Press the dough onto the prepared sheet, cove with a camp kitchen towel and set aside in a warm, draught-free place for 20 minutes or until doubled in size.

Use your finger to press dimples into the dough, then carefully press the tomato halves into the dimples.  Brush well with oil and sprinkle over the remaining fennel seeds, then season with a few good pinches of seal salt.

Bake for 20-25 minutes or until golden and cooked through.  Serve warm or at room temperature.

Printable Recipe

Harvest Focaccia

February 8th, 2015

Harvest Focaccia 1

Known as Schiacciata con l’uva in Tuscany, this grape harvest focaccia is showcased in the windows of bakeries all over the region during the Fall harvest season.  According to Angelo Ciardella, a retired restauranteur and cooking teacher, “In Italy we don’t have Thanksgiving.  It’s the time of the grapes.”  The bread appears only during September when the uva fragola or concord grapes are ripe.  The focaccia is studded with the grapes, raisins, and walnuts and sprinkled with rosemary.  In the version I made, the grapes were layered in the bread dough so that they were more evenly distributed.  The top was also sprinkled with coriander seeds and turbinado sugar to bring out the sweetness of the grapes.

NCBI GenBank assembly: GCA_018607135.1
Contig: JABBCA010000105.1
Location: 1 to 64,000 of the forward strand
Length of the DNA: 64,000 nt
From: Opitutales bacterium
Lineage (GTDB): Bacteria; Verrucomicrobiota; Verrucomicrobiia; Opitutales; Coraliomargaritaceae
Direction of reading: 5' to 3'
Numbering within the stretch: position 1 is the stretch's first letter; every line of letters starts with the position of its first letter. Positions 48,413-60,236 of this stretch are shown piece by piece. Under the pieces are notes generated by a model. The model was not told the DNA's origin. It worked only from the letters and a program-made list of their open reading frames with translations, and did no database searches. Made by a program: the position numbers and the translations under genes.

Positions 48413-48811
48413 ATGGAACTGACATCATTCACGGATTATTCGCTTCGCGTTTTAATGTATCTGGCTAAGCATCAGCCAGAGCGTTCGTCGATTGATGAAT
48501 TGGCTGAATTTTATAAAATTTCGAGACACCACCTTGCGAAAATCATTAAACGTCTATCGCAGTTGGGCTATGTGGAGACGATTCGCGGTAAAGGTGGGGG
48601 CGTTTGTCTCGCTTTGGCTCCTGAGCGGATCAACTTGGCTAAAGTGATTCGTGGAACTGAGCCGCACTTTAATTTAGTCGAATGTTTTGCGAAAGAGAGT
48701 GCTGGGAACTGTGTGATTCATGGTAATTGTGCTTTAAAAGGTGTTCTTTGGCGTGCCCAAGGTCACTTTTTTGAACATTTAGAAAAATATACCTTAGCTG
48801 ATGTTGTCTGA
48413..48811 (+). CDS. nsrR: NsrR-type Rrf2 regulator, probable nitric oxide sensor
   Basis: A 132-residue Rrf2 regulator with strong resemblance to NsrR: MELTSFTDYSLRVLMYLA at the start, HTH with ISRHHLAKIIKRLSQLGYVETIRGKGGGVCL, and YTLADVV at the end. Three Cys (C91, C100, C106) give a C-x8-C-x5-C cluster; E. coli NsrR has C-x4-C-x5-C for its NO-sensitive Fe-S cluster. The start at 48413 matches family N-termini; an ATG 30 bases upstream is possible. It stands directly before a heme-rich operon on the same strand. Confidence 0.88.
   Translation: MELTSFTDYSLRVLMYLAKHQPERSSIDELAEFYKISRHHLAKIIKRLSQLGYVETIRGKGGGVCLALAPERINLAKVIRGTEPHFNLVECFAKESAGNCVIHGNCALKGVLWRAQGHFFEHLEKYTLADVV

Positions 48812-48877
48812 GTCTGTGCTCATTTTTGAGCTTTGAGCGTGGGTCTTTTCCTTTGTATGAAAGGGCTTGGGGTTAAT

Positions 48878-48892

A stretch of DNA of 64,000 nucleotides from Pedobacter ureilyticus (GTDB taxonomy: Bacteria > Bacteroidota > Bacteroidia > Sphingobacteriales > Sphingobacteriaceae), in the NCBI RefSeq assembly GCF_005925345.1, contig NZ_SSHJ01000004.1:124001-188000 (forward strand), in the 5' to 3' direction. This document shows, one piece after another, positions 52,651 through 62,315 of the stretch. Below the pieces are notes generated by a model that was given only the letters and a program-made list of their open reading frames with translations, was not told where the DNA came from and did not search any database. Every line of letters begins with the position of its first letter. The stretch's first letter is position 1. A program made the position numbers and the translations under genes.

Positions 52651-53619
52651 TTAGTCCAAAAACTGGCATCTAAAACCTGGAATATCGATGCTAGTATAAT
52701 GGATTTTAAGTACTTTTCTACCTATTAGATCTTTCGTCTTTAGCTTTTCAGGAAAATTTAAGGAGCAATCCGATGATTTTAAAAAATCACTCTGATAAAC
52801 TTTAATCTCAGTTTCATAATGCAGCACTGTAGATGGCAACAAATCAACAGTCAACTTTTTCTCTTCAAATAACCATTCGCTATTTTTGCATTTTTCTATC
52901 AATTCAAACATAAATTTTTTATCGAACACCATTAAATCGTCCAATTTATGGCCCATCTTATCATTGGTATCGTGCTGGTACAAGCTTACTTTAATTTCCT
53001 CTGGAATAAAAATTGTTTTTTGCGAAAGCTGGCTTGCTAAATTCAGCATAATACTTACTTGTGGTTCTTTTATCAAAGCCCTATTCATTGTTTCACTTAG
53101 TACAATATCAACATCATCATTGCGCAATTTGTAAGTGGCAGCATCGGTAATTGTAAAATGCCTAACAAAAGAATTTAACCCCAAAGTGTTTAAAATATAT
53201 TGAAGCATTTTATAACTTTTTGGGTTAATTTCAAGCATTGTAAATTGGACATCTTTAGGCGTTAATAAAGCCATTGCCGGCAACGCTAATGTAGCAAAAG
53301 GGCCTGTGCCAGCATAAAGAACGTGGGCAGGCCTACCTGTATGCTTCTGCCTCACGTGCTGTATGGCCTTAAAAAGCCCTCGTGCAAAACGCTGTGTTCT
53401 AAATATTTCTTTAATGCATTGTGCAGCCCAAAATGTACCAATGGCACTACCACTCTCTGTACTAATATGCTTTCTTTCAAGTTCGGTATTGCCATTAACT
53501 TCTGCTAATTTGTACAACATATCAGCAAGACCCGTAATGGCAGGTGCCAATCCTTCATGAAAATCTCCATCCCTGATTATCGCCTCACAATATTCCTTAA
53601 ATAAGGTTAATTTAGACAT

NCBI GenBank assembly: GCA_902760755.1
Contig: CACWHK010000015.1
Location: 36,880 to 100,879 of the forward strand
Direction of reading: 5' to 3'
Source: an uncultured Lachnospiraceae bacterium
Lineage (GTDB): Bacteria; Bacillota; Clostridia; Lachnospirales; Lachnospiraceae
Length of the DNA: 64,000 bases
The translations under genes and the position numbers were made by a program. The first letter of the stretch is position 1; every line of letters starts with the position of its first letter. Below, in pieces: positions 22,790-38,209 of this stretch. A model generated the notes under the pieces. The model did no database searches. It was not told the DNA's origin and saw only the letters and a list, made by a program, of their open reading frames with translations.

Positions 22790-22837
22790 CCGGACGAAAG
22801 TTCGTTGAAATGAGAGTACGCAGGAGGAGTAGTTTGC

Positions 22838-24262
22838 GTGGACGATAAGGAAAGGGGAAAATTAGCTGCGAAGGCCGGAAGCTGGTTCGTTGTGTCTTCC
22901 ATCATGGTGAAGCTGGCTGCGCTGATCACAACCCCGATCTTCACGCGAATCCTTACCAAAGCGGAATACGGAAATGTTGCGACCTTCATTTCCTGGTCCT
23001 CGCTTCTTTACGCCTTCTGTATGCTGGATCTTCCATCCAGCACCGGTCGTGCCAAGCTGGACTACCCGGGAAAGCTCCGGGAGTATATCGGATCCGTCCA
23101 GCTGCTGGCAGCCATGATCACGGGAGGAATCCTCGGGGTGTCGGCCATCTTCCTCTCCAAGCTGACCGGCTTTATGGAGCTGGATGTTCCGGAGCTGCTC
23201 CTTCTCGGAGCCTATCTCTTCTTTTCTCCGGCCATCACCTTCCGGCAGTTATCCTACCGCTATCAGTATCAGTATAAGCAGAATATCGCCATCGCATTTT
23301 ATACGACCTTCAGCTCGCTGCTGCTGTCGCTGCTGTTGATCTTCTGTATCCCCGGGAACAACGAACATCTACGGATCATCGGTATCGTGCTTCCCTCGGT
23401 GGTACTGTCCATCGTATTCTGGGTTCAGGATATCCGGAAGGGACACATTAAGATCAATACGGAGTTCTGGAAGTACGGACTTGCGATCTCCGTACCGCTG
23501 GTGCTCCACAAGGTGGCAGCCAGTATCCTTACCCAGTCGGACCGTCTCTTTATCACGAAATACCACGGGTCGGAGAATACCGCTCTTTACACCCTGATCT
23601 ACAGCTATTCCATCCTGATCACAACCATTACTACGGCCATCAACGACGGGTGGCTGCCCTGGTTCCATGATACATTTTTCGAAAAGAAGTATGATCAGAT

You may be wondering why I would be posting about this recipe in February instead of September.  The reason is that we will be in Tuscany during September this year during the harvest season . I found this recipe while doing research.  Planning a trip is satisfying on so many levels.  Researching the food of the regions where you will be staying is one of the sensory delights.  Another is finding interesting places to stay.

Tuscany Kitchen

This is the kitchen of one of the villas we are considering in a small village near Lucca and Florence.

Tuscany Fireplace